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The EO-1 satellite follows the World Reference System-2 (WRS-2) path and row system with a 16-day nadir repeat cycle. 

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The sensors on board EO-1 are capable of cross-track pointing to allow potential imaging within one adjacent WRS path in each direction from nadir. This means EO-1 can collect an image on the nadir path, east path with the sensors pointed west, or west path with the sensors pointed east, giving EO-1 three imaging opportunities per 16 days. The west and east path follow seven and nine days after the overhead path, respectively.

While a cross-track pointing sensor can provide flexibility for image acquisitions, an increased look angle may have adverse impacts on the geometric characteristics of a particular scene (i.e. pixel distortion and band-to-band alignment).

The following graphic displays the potential imaging range of a typical pointed sensor. The angles displayed in the image are not exact, but the numbers reported are the actual range of the angles at 30 degrees north latitude.

Graph showing potential imaging range of a typical pointed sensor

The look angle associated with a customer's Data Acquisition Request (DAR) will vary depending upon the location of the image target from within the WRS-2 row (Target Range) as well as the latitude of the target. The table below shows the range of look angles for specific latitudes.

Table showing range of look angles for specific latitudes.

Even DARs requested as "within nadir scene only" will have a small look angle. This is because the ALI's standard scene width is 37 kilometers and Hyperion's is 7.7 kilometers, but EO-1 is capable of pointing anywhere within the WRS-2 row. The image below shows the relative footprint of a Hyperion (white) and ALI (yellow) 42 km and 185 km DAR, with respect to a Landsat WRS-2 row (blue). The 185 km footprint is also considered as "within nadir scene only".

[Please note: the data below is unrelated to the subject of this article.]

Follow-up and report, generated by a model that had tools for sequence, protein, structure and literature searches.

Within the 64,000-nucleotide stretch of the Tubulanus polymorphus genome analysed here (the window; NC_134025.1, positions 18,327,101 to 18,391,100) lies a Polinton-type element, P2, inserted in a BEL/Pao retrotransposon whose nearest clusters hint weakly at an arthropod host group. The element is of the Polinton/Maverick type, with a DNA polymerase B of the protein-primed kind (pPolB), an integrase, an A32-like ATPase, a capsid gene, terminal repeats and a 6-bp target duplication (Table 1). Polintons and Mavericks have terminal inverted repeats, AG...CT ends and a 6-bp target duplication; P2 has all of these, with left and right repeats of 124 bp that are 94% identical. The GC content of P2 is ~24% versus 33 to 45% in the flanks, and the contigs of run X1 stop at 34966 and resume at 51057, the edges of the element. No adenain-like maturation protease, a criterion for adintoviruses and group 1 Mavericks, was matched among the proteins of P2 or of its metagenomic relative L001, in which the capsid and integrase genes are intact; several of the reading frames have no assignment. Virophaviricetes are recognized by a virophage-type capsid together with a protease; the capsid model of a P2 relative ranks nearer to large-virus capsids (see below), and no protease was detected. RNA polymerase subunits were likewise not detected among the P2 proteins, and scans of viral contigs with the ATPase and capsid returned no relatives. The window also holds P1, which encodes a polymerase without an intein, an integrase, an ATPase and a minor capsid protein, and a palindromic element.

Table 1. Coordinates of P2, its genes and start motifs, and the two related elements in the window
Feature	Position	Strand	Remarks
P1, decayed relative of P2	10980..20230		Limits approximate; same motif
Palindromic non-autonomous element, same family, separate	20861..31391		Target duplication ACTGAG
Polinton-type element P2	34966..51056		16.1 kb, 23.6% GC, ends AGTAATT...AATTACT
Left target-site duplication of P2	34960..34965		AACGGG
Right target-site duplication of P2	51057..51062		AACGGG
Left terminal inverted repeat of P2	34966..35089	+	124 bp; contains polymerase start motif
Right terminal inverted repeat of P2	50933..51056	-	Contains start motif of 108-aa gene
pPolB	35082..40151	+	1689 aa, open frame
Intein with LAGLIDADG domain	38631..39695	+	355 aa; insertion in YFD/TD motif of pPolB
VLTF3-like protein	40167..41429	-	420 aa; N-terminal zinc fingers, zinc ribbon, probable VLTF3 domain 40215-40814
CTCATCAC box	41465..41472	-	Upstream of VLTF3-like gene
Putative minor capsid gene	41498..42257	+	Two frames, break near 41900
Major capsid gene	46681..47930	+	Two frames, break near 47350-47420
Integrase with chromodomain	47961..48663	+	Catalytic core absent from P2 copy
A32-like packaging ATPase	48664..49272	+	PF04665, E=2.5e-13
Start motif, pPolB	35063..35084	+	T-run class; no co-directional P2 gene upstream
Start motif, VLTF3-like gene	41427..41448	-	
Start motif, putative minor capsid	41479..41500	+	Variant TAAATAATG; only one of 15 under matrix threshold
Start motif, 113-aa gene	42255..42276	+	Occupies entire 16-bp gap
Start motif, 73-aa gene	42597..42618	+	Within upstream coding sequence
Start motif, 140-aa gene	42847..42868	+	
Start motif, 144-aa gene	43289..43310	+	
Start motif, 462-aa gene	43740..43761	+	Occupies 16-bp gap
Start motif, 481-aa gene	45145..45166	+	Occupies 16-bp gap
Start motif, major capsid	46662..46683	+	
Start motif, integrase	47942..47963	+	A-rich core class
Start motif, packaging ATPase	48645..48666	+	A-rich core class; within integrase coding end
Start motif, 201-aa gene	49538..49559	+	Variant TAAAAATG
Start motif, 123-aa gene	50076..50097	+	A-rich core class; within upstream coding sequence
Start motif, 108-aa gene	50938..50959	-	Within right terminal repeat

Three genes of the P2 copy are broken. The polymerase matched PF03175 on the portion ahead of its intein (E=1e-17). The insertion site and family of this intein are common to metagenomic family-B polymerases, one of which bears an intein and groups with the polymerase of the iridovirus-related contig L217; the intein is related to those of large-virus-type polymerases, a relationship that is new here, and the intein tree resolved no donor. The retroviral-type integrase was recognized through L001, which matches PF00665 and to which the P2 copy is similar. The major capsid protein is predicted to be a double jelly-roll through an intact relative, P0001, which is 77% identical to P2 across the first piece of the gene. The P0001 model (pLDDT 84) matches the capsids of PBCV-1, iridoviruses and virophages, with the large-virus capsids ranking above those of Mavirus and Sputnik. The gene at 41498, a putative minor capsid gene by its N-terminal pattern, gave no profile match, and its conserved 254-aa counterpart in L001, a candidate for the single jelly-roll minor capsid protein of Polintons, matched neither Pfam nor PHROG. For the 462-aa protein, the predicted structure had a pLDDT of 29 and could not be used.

Graph showing footprint of hyperion data with Landsat WRS-2 rows.

The Hyperion footprint is displayed slightly smaller in the graphic to show that there is a misalignment along the western edge in relation to the ALI footprint. The Hyperion footprint is shifted approximately 1.7 km west, with respect to the ALI footprint.

Graphic showing Hyperion footprint

DARs that request either the ALI and Hyperion instruments, or only the Hyperion instrument will have the site lat/lon (red dot) centered based on the Hyperion instrument to guarantee Hyperion coverage.

DARs that request only the ALI instrument will have the site lat/lon centered based on the ALI instrument. Please note that in an ALI centered DAR, the Hyperion instrument will miss the target lat/lon.